If it’s an obvious oscillation, like sunspots, out with it, tell us what it is and how long it is. Because to save the warmists hide, you’d have to fabricate an oscillation of 50 years at least, give them time to hide behind and think up another clever argument and hopefully die before they end up with egg on their face.

Climate scientists are just as political as any of us are. They put their pants on one leg at a time as all. You’re trying to insulate them from criticism by essentially saying, you can’t endeavor to understand them, you just have to believe they are experts and pure as the wind-driven snow.


#76

But you can do this, why couldn’t you? If there was a different leadership and different way of handling economy, then of course you would measure that crucial dataset in question, and compare it with the record and other ways of handling the economy.

But I think you’re referring to Keynesian economics, which asserts a cycle of recessions, and which nothing can help; it must be a leftist thing. Interestingly, they also love to use complex math that few people can understand to make them seem experts and their methods unapproachable and unsearchable. The Austrians don’t believe in economic cycles and I don’t either.


#77

Much longer with respect to what? You have no metric for “longer”.

It could well be that climate change has “paused”. Or even stopped. However, you’re like those guys who point at nonexistent features on stock charts and say, look at this here and here, this proves it’s about to go up, or down, or whatever. They’re completely oblivious to the fact that stock charts are basically a random walk. You have no idea whether the data from those 18 years is meaningful because you have no model that tells you what’s “meaningful” and what isn’t.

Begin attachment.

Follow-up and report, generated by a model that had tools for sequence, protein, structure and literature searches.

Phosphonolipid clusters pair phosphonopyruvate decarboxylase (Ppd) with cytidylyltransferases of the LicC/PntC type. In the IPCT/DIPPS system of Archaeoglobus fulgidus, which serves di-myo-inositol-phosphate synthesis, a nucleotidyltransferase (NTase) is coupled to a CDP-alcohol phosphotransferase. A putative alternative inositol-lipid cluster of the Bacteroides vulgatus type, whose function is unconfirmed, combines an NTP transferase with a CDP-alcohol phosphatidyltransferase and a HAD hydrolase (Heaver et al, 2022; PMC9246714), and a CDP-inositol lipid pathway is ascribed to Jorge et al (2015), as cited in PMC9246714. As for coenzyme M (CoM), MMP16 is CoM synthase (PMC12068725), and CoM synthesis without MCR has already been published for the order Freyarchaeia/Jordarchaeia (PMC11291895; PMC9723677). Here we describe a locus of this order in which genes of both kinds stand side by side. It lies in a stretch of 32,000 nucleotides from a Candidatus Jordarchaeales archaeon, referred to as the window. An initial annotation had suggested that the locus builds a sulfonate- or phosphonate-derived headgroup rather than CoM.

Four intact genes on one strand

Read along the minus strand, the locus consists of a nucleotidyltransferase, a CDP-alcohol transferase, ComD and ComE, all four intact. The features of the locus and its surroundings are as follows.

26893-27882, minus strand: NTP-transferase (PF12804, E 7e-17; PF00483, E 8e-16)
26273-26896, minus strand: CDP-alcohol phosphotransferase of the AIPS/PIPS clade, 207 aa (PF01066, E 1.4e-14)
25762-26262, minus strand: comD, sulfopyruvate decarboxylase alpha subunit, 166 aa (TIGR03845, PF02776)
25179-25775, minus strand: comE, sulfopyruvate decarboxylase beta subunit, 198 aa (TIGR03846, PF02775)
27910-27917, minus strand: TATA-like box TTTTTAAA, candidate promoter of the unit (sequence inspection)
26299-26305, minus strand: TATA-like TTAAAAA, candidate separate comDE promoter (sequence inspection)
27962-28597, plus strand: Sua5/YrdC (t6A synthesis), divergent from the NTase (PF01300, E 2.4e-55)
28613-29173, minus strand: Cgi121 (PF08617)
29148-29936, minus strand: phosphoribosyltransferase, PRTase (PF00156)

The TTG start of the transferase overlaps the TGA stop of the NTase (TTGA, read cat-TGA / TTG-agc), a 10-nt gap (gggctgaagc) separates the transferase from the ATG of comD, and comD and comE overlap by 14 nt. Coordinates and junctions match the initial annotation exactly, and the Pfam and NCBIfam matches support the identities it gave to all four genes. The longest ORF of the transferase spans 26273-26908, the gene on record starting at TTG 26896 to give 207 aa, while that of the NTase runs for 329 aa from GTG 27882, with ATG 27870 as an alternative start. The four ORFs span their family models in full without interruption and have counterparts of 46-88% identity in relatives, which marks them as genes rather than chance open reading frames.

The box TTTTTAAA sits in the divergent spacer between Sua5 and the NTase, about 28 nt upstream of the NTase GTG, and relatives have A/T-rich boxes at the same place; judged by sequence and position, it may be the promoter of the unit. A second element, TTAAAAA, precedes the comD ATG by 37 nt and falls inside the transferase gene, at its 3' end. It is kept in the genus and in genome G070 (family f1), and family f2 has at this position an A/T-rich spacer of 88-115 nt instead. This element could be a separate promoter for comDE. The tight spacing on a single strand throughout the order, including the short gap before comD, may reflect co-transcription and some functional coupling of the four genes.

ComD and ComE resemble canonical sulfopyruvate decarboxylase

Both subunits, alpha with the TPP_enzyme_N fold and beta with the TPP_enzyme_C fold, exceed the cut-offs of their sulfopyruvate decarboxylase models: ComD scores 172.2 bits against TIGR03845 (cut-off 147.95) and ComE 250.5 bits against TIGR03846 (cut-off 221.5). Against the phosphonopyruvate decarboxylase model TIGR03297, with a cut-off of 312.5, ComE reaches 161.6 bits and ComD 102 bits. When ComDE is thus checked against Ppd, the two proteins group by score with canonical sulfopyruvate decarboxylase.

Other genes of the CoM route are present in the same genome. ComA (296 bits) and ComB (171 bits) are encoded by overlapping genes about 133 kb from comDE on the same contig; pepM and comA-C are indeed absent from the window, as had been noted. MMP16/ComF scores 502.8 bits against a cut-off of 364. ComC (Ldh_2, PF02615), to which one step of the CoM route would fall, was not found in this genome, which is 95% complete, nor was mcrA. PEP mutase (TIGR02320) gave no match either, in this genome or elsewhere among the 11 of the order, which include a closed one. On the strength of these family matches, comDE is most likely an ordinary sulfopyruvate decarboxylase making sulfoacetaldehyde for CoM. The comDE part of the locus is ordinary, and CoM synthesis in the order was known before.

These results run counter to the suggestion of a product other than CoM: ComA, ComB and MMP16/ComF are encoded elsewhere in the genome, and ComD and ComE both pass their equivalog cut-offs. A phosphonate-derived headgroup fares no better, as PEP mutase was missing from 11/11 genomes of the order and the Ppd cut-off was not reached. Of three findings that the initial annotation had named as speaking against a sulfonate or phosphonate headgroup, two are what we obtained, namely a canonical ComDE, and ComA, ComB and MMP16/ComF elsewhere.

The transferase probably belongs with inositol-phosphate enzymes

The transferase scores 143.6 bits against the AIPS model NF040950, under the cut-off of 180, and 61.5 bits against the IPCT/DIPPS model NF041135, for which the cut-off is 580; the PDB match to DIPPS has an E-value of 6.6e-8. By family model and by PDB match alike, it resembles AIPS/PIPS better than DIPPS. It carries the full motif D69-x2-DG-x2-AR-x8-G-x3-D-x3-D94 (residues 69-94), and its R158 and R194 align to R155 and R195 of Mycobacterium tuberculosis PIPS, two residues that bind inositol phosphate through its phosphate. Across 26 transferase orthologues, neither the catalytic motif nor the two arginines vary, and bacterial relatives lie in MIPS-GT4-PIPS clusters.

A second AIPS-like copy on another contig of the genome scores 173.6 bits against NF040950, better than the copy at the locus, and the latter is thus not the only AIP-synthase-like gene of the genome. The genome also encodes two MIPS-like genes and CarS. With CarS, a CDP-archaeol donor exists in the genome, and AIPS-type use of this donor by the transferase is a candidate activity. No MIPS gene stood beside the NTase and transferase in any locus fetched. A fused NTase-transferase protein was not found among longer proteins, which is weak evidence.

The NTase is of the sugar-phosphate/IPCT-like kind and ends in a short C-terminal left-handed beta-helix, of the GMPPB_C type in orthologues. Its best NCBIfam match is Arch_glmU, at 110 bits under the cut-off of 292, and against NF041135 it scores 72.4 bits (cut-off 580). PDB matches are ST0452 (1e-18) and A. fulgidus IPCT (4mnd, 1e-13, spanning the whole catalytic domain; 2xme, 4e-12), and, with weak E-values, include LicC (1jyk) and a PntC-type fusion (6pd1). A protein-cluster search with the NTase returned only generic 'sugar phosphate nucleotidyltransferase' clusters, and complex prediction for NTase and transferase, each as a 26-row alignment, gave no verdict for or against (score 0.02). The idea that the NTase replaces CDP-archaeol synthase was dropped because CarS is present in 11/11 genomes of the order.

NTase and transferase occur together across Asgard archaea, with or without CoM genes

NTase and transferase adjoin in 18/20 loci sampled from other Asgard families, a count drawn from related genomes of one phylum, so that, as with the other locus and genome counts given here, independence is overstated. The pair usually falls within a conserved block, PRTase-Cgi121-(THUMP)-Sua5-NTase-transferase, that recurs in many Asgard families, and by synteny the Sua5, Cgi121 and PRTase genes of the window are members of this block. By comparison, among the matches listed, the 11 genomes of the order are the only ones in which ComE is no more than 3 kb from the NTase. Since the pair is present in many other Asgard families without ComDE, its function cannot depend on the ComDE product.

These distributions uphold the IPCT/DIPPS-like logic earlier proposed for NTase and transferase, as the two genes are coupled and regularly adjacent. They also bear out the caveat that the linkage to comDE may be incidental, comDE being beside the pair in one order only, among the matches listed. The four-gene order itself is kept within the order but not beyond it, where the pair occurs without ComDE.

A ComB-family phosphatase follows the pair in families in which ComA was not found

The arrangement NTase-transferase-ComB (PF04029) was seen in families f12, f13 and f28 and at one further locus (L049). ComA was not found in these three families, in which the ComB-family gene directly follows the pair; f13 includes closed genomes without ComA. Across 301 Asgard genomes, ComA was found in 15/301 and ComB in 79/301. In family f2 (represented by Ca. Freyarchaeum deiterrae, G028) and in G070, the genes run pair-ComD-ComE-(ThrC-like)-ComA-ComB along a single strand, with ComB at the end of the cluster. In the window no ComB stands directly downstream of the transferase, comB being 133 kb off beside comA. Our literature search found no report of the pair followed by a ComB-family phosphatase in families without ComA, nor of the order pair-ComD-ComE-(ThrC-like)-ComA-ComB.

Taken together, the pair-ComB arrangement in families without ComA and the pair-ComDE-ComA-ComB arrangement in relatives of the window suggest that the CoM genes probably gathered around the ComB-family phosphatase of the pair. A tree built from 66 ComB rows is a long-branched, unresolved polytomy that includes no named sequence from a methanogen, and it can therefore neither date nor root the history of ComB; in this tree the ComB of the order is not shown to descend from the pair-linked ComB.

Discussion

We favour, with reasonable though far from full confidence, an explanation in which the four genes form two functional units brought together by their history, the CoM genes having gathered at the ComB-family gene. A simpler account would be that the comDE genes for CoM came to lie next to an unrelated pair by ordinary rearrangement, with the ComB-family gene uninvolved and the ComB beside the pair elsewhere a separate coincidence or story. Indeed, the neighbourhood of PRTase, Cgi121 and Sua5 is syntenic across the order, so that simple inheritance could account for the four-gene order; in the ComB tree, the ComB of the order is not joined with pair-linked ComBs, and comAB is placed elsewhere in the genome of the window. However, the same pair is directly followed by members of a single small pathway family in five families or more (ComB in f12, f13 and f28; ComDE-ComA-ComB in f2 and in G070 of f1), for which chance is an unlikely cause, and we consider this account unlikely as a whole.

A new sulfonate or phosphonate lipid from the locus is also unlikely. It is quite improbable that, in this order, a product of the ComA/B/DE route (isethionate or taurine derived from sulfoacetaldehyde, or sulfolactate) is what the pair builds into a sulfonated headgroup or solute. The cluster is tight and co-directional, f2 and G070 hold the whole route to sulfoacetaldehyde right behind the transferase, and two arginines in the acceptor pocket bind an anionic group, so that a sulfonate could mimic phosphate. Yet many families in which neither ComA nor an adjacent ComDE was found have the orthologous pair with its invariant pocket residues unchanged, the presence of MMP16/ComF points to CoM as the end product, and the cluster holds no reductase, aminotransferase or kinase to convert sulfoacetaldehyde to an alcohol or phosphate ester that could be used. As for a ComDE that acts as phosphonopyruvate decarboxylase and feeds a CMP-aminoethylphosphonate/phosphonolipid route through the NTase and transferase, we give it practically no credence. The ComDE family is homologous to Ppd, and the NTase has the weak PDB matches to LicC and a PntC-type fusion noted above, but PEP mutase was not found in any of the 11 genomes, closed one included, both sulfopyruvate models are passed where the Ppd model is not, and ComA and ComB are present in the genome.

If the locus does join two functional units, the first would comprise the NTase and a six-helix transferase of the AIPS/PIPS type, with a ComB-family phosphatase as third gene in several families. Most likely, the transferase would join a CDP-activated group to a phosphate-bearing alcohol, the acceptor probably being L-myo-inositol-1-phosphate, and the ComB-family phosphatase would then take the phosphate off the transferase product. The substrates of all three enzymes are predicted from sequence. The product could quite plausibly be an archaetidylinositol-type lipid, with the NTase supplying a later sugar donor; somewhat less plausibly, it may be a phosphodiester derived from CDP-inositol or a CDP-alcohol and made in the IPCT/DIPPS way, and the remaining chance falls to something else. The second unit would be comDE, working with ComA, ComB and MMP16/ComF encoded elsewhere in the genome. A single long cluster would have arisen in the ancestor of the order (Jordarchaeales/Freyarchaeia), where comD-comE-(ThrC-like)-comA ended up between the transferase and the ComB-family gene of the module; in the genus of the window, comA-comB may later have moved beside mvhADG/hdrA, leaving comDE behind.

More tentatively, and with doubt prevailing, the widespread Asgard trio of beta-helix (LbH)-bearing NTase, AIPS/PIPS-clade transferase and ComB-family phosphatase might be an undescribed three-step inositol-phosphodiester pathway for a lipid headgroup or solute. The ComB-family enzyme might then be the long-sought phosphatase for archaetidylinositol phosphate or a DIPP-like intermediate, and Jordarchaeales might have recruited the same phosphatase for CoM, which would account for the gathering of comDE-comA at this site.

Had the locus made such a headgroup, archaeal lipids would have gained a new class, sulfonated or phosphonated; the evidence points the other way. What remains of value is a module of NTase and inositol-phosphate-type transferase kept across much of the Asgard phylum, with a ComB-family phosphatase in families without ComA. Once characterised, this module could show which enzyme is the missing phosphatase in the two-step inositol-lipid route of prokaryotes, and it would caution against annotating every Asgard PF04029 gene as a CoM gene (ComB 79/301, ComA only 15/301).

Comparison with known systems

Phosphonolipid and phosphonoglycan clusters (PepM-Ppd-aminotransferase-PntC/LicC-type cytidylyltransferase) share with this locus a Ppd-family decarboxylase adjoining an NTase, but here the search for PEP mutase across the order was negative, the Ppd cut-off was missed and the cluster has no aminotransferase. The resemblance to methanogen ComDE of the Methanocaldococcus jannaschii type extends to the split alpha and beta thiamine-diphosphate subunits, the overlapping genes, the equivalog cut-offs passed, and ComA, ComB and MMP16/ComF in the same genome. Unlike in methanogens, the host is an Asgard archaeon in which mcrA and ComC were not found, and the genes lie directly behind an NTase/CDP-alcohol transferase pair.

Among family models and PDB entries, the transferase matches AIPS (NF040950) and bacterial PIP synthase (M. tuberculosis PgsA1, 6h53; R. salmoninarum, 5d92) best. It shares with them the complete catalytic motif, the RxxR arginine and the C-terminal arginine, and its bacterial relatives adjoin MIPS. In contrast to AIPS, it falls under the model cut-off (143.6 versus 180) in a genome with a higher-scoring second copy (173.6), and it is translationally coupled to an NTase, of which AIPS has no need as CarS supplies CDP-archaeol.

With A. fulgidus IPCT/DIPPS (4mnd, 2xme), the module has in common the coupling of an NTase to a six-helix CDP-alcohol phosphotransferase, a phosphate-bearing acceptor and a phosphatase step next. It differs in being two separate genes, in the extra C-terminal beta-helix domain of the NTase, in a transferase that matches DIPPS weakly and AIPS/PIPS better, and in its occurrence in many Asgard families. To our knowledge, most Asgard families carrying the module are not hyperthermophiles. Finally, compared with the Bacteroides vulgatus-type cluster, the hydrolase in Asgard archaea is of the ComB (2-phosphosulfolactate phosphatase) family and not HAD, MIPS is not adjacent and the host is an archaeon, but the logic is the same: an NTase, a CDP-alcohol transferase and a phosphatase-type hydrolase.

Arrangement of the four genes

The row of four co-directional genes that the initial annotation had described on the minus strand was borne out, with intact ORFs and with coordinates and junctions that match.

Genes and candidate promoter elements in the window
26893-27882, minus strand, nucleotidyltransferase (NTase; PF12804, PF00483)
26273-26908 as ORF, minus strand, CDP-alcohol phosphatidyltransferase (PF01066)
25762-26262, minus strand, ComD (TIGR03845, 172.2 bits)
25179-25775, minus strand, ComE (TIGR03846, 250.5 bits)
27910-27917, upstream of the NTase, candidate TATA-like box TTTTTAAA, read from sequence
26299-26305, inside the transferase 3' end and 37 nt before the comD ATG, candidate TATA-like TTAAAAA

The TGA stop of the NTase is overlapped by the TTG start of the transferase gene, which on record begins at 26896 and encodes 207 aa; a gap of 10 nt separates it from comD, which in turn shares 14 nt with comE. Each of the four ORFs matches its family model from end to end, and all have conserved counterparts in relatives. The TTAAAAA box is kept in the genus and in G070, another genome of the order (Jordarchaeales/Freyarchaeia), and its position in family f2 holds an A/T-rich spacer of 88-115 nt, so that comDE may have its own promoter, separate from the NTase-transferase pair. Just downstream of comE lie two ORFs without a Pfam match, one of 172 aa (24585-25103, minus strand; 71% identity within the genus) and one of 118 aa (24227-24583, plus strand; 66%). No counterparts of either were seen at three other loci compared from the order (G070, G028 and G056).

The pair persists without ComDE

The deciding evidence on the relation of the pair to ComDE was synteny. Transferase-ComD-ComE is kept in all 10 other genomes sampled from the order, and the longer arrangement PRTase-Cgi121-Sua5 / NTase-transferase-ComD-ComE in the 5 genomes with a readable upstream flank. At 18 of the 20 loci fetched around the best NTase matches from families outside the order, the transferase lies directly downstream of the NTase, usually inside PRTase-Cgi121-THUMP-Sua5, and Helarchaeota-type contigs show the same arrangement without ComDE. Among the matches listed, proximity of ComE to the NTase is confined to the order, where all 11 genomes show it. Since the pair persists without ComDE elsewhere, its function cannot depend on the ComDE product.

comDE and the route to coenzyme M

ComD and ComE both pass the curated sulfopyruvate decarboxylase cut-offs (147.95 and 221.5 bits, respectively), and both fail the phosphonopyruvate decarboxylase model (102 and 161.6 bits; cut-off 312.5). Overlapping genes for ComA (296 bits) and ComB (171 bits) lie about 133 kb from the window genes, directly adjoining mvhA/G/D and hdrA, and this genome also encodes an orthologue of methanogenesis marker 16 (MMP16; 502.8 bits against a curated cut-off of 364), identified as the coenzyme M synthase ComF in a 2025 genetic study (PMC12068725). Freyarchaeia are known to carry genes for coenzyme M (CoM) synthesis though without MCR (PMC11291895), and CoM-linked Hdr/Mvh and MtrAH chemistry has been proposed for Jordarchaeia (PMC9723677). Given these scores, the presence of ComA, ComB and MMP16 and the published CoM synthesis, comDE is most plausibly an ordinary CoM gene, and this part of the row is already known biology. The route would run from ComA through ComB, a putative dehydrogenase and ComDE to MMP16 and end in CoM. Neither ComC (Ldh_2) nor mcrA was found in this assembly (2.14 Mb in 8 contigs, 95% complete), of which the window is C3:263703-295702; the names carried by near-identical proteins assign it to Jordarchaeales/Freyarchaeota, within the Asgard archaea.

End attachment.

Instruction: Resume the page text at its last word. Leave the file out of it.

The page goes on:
Nope, I’m saying that if you’ve developed a shiny new model of the climate that - as must surely be the case - incorporates extremely short time constants, you need to be able to show that your model is solid. Otherwise it’s not a criticism.


#78

Ha, I don’t have to do any such thing.

But again, there are short-term things on stocks that help investors know when to get in or out of a stock. And some people, some institutes who put out their proprietary charts are really good at spotting these red lights or green lights in their software. I’ve spent good money and used them, they can be cannily correct.


#79

No, of course you don’t have to. But if you don’t, you can’t assert that your argument is somehow scientific.


#80

um … because you’d be wrong? Surely you remember what happened in 2000, and 2008?